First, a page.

One thing that people often find frustrating when upgrading from a compact camera to a DSLR is that they get used to composing their pictures on their compact camera by using the screen on the back of the camera. Moving up to a DSLR and having to hold it to your eye and look through the viewfinder may not come naturally, and many users prefer to have a bigger brighter view to show them what the camera is going to capture - that's where live view comes in.
Live view is the system that takes what the lens is seeing and, instead of directing it via the mirror to the viewfinder, projects it, electronically, onto the camera's rear screen. Using this can be very helpful for composing in tricky situations, such as when the camera is mounted on a tripod at an awkward height for trying to get your eye behind the viewfinder, or when shooting over people's heads, or when you want to shoot close-ups of flowers without getting your knees muddy!
Another great feature that can help when composing your picture is a 'flip-out' or articulated screen. Some models allow you simply to angle the screen to make it easier to see when you hold the camera up high or down low, while other models have screens that can twist and rotate to allow virtually any viewing angle. Sony pioneered the articulated screen, but more and more models are now using this idea, such as Nikon's D5100 and the latest Canon models the EOS 60D and 600D.
[Note - I have already given an explanation of difference between phase detect and contrast detect systems, but the following makes clearer how they relate to live view.]
Autofocus when using live view can be more of a challenge. The quickest focus mode, the phase detect method, relies on the mirror directing the image to the focus sensors, but using live view to project the image onto the rear screen requires the mirror to be moved out of the way. Some models can therefore only use the slower contrast detect method to focus in live view. More expensive models offer a choice, but when using phase detect the mirror has to be flipped back into position in order to focus, causing the screen to black out temporarily, which can be disconcerting. Contrast detect may be slower but the mirror is not needed and so there is no screen blackout.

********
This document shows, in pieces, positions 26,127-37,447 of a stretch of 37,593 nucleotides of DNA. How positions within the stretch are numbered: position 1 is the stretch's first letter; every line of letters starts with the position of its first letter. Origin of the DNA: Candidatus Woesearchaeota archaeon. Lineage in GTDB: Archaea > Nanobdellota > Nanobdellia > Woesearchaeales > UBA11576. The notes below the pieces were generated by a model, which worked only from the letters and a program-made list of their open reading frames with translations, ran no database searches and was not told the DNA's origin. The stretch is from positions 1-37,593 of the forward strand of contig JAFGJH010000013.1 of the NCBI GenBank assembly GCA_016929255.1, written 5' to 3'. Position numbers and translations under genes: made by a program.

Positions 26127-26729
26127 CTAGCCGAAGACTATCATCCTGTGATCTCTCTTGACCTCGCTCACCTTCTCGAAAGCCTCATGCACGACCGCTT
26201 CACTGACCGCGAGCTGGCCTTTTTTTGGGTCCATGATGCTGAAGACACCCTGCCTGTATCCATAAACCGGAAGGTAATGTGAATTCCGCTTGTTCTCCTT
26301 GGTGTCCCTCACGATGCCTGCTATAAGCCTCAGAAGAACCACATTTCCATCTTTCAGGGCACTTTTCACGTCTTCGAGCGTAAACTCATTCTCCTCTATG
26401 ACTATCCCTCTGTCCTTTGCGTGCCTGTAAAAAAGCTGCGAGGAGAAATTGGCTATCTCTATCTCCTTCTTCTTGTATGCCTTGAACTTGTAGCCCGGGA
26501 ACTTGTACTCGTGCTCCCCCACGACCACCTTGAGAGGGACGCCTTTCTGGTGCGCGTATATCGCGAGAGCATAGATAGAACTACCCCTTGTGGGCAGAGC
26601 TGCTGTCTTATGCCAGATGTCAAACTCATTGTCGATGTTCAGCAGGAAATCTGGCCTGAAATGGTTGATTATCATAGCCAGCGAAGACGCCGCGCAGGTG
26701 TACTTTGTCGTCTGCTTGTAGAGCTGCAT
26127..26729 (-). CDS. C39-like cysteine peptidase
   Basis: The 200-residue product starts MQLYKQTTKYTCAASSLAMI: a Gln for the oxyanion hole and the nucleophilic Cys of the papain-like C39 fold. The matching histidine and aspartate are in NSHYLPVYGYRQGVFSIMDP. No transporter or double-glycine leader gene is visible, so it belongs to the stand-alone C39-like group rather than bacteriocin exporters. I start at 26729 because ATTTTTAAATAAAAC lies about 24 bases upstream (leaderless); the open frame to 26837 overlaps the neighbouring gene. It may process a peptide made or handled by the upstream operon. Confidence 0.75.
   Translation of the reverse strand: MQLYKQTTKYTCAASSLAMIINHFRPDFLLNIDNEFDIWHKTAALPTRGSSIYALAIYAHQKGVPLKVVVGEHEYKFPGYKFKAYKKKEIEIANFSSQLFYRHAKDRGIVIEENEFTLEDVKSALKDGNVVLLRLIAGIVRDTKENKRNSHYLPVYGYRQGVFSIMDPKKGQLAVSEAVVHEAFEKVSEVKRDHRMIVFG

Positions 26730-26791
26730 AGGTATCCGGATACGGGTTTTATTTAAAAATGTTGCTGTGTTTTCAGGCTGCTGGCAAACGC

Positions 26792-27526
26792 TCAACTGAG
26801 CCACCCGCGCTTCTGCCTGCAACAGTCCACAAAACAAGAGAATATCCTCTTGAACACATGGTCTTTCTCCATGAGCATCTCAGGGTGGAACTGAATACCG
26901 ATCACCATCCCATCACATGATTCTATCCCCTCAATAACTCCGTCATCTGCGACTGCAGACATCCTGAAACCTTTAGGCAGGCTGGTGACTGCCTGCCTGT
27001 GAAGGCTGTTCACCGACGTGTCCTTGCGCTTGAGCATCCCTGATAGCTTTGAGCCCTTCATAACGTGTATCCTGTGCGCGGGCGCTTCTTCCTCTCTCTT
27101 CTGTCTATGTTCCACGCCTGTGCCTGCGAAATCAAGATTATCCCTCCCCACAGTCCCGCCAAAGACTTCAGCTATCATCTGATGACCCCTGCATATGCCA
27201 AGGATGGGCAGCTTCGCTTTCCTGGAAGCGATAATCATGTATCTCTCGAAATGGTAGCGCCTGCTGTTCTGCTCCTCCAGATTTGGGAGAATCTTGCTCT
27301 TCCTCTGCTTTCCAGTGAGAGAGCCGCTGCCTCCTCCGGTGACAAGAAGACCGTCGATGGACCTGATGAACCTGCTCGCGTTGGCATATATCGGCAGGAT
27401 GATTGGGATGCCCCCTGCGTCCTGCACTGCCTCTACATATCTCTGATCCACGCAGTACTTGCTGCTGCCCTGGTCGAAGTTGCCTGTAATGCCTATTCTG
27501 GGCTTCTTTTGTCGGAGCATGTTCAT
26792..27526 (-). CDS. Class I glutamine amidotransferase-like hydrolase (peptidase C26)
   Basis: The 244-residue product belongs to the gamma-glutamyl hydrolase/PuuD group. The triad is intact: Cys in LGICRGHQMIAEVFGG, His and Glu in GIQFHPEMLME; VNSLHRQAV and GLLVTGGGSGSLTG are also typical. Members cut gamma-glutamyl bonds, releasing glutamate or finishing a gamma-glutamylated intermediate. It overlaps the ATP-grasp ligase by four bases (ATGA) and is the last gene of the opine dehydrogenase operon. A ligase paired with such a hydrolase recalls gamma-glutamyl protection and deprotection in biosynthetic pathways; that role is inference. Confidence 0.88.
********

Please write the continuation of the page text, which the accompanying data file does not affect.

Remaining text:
Digital SLR Basics
Digital SLRs and Digital Cameras Key Differences
Digital SLR or Compact System Cameras
Digital SLR Handling
Help for Beginners
Lenses and Accessories
Buying a Camera Lens
Digital SLR Accessories
Learn More About Features
Resolution and Sensor Size
Manual Exposure Modes
Help With Tricky Lighting
Live View and Articulated Screens
Depth of Field Preview Button
Current and Recommended Models
Summary of Current Models
Recommended Digital SLRs
Digital SLR Guide Author
This guide was written by Ian Younger
Live view is not only a compositional aid, however. It can act as a 'live preview' of what your picture will look like, so, on some models, as you change your aperture and shutter speed you can see the view on the screen getting lighter or darker, and you can also see instantly the effect of changing the white balance setting or using one of the creative picture style effects. Again, users of compact cameras will be used to this, and, nowadays, most DSLRs have live view, but you may find it absent on some entry-level models, such as the Sony A290. Some higher-end models, such as the Nikon D300s, also lack live view, perhaps because it used to be seen as a little 'gimmicky' on a 'serious' camera.
Another benefit of using live view is that it can help with more accurate focusing. Most models allow you to zoom in or magnify the image on the screen, allowing you to check that specific elements in your picture are sharp, or take manual control over the focus to make sure it will be spot on.
An additional advantage of live view over simply relying on the viewfinder is that most viewfinders do not allow you to see quite to the edges of the image produced by the lens. Typically the viewfinder only shows about 95% of the picture area, which means when you take the picture it will show a little more around the edges than you were able to see in the viewfinder. More expensive models, however, such as the Pentax K-5 or Canon 7D, offer 100% viewfinder coverage, for a true 'wysiwyg' (what you see is what you get) view.